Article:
The Political Economy of the Asian Financial Crisis

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Peterson Institute, 2000 - Business & Economics - 272 pages
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The Asian crisis has sparked a thoroughgoing reappraisal of current international financial norms, the policy prescriptions of the International Monetary Fund, and the adequacy of the existing financial architecture. To draw proper policy conclusions from the crisis, it is necessary to understand exactly what happened and why from both a political and an economic perspective.

In this study, renowned political scientist Stephan Haggard examines the political aspects of the crisis in the countries most affected-Korea, Thailand, Malaysia, and Indonesia. Haggard focuses on the political economy of the crisis, emphasizing the longer-run problems of moral hazard and corruption, as well as the politics of crisis management and the political fallout that ensued. He looks at the degree to which each government has rewoven the social safety net and discusses corporate and financial restructuring and greater transparency in business-government relations. Professor Haggard provides a counterpoint to the analysis by examining why Singapore, Taiwan, and the Philippines escaped financial calamity.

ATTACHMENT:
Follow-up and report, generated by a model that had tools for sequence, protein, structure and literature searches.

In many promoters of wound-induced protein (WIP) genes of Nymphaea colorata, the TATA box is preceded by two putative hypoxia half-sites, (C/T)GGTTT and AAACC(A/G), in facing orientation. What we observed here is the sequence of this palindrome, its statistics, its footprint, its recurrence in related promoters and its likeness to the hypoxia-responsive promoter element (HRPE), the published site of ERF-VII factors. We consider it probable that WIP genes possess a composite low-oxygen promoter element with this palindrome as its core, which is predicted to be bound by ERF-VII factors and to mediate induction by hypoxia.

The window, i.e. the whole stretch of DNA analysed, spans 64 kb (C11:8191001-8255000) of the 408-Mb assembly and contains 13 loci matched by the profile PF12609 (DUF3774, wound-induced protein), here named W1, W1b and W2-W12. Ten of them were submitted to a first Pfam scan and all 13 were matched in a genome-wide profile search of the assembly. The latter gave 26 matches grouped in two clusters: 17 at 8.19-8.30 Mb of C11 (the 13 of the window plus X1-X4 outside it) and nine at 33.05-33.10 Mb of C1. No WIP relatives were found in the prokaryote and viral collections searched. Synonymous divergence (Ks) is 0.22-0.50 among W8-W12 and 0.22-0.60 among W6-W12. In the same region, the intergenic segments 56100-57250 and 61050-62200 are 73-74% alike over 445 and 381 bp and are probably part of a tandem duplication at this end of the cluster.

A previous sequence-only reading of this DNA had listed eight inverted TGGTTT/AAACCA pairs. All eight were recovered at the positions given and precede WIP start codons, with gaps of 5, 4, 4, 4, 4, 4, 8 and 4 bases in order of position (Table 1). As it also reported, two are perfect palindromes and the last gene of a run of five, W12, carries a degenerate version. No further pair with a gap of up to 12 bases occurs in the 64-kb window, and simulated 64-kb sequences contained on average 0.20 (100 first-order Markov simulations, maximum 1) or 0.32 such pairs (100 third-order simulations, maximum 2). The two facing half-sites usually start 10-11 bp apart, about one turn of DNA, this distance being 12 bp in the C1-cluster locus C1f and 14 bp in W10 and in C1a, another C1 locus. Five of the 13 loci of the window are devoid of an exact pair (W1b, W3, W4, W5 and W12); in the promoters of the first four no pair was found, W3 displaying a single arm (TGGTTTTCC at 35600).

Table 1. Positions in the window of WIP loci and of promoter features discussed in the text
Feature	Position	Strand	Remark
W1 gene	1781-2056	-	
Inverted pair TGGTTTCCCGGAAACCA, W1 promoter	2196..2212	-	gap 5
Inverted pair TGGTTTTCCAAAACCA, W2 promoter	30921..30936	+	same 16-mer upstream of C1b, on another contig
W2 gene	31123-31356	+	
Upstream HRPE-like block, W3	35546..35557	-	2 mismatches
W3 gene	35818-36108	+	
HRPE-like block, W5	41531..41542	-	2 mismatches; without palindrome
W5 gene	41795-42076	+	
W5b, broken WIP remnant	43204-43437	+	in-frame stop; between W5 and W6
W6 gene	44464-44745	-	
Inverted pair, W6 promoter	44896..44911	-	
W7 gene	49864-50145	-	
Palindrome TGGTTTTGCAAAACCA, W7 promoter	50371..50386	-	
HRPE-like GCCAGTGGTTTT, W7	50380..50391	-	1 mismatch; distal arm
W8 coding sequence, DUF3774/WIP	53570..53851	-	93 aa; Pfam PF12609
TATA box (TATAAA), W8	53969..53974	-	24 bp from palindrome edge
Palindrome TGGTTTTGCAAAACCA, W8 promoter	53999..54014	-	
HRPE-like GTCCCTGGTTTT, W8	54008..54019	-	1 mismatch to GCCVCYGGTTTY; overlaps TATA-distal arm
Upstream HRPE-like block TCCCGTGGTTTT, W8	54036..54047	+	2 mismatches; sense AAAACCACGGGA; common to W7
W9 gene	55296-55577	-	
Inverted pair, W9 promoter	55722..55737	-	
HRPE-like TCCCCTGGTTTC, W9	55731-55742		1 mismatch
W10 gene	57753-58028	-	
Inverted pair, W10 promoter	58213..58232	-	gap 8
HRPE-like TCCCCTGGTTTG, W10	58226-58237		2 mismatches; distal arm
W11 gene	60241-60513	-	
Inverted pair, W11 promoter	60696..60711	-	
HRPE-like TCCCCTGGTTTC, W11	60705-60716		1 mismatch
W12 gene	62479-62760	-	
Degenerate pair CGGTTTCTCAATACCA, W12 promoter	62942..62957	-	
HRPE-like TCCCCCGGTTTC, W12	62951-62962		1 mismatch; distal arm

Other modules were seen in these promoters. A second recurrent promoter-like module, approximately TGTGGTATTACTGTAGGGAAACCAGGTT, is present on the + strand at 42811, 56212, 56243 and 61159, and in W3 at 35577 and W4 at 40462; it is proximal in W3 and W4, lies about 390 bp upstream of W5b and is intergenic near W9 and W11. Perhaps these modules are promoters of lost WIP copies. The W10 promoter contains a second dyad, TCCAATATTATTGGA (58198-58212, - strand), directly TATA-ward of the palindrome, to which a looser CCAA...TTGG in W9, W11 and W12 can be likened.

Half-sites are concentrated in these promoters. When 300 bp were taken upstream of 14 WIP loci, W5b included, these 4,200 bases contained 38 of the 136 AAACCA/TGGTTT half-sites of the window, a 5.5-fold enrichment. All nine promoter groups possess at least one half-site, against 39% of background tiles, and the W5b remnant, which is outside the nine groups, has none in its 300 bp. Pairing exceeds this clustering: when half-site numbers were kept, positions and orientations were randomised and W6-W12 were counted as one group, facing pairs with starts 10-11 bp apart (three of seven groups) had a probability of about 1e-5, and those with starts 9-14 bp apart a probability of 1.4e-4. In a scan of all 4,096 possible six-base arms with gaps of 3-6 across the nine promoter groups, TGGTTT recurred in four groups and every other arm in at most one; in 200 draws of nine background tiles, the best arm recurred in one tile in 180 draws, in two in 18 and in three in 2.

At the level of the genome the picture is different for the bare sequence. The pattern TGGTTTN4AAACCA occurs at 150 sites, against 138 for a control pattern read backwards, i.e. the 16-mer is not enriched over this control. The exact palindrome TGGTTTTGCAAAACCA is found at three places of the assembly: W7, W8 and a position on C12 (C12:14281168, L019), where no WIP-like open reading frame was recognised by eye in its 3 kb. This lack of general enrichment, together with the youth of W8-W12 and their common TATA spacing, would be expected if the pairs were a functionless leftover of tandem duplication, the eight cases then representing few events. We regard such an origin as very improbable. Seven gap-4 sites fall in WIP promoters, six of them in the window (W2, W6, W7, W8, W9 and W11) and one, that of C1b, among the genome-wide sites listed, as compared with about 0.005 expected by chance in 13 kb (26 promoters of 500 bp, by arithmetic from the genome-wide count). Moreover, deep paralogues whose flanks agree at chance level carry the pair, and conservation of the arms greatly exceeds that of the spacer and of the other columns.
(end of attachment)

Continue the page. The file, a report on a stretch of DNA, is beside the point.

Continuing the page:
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Contents

BusinessGovernment Relations and Economic Vulnerability
15
Incumbent Governments and the Politics of Crisis Management
47
Crisis Political Change and Economic Reform
87
The Politics of Financial and Corporate Restructuring
139
Safety Nets and Recrafting the Social Contract
183
A New Asian Miracle
217
References
239
Index
255
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About the author (2000)

Stephan Haggard, visiting fellow, is the Lawrence and Sallye Krause Distinguished Professor at the School of Global Policy and Strategy, University of California, San Diego. He has been a consultant to AID, the World Bank, the United Nations Conference on Trade and Development, and the OECD and is a member of the Council on Foreign Relations. He is the coauthor of Witness to Transformation: Refugee Insights into North Korea (2011) and Famine in North Korea: Markets, Aid, and Reform (Columbia University Press, 2007).

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